December 5 2013 Latest news:
Wednesday, January 9, 2013
A gang was so successful at committing frauds against Christie’s in London that it turned its attention to a New York sale held by the auction house, a court heard today.
Isleworth Crown Court was told that auctioneers across the country were targeted by fraudsters who used false identities to register as telephone bidders and stolen credit card details to obtain watches and expensive jewellery.
Simohamed Rahmoun, 31, of Stile Hall Mansions, Wellesley Road, Chiswick, and Farouk Dougui, 40, of Charlton Park Road, south-east London, are accused of contacting auction houses to register as telephone bidders using false identities.
Jabey Bathurst, 24, of Brook Close, Ruislip, Middlesex, collected the items they successfully bid for, giving a false name, it has been alleged by the prosecution, which also also Bathurst was sometimes accompanied by Dougui.
The court was told that another defendant, 61-year-old Barbara Goossens of Dudley Court, Upper Berkeley Street, central London, ran a jewellery shop and had an “extensive knowledge” of fine jewellery and expensive watches and the expertise to spot good items and what would sell.
In one of the frauds, two diamond rings, a diamond chain, and a tank watch worth £53,690, were successfully bid for at a Christie’s sale in London on June 9, 2010 using the false name Philip Smith, the court was told.
Payments were made over the phone the next day using details from seven different credit cards, the court heard.
Robin Shellard, prosecuting, said the theft was one of a “whole series” of frauds committed against Christie’s in London as part of the scam.
He said: “No doubt the fraudster could not believe his luck, so he pressed his luck a little bit further, why not New York? So that is what happened.
“On July 7, he requested that he be allowed to use two credit cards at the Christie’s New York sale.”
On July 9, “Mr Smith” made a successful payment using credit card details for 21,000 US dollars (£13,100) for watches bought at the New York sale and arrangements were made to have the goods transported to Stansted in the UK, he said.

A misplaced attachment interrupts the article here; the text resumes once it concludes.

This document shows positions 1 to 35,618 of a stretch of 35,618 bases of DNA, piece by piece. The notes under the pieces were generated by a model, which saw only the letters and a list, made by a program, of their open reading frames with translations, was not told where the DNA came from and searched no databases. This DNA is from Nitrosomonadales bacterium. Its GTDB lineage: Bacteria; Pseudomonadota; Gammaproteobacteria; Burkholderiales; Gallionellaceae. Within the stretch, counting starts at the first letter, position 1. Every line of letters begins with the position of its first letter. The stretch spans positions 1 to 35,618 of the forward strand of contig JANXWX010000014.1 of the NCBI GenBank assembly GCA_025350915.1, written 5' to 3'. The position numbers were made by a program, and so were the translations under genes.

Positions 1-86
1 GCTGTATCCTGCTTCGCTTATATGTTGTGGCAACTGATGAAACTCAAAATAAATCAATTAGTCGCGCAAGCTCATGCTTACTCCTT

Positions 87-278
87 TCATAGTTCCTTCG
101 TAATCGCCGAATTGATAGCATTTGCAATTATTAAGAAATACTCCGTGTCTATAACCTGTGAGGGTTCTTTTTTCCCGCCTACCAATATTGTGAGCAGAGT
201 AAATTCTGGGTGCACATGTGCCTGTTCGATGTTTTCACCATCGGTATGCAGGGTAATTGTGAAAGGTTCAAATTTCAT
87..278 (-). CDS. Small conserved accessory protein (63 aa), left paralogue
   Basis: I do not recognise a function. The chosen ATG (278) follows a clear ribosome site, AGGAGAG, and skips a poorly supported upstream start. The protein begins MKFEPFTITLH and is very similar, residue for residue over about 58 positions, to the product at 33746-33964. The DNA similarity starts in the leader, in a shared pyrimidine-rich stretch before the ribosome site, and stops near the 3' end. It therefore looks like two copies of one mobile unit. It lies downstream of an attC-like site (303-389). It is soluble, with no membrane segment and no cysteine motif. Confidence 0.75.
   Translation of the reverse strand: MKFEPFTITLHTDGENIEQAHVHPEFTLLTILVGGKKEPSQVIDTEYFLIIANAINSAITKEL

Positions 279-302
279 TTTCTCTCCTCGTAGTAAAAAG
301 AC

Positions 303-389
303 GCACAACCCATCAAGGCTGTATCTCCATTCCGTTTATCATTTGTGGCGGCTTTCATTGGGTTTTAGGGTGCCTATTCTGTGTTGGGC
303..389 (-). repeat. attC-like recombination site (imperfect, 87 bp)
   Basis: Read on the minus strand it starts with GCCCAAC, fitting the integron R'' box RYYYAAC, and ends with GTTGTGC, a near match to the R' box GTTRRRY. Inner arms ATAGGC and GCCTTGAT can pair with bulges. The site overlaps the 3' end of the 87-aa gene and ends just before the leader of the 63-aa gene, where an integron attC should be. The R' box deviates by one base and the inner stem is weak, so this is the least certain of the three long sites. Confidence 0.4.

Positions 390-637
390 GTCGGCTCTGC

On July 14, “Mr Smith” made bids for six lots worth £54,984 at a Christie’s jewellery sale in Kensington, London, Mr Shellard told the court.
Mr Shellard said: “He (Philip Smith) made an attempt to pay and was unsuccessful because the cards were declined.
“Fortunately for Christie’s on that day the credit card company informed them that one of the previous payments was fraudulent.
“Over the next three days it became clear that a number of Mr Smith’s credit cards had details which had been fraudulently used.”
The court heard the fraudsters targeted auctions across the country including Northumbria, Shrewsbury, Birmingham, Derby and Corsham, Wiltshire.
“As you can see no part of the country is safe where there is an auctioneers in the area,” Mr Shellard told the jury.
Rahmoun, Goossens, Dougui and Bathurst deny conspiring to defraud auctions houses and jewellery shops between April 30 and November 5, 2010.
Dougui, Rahmoun and Bathurst further deny a charge of conspiracy to defraud car part suppliers and other shops between the same dates.
Rahmoun also denies three charges relating to the alleged fraudulent use of credit cards to buy a motorbike, motorbike insurance and a BMW car in May 2011.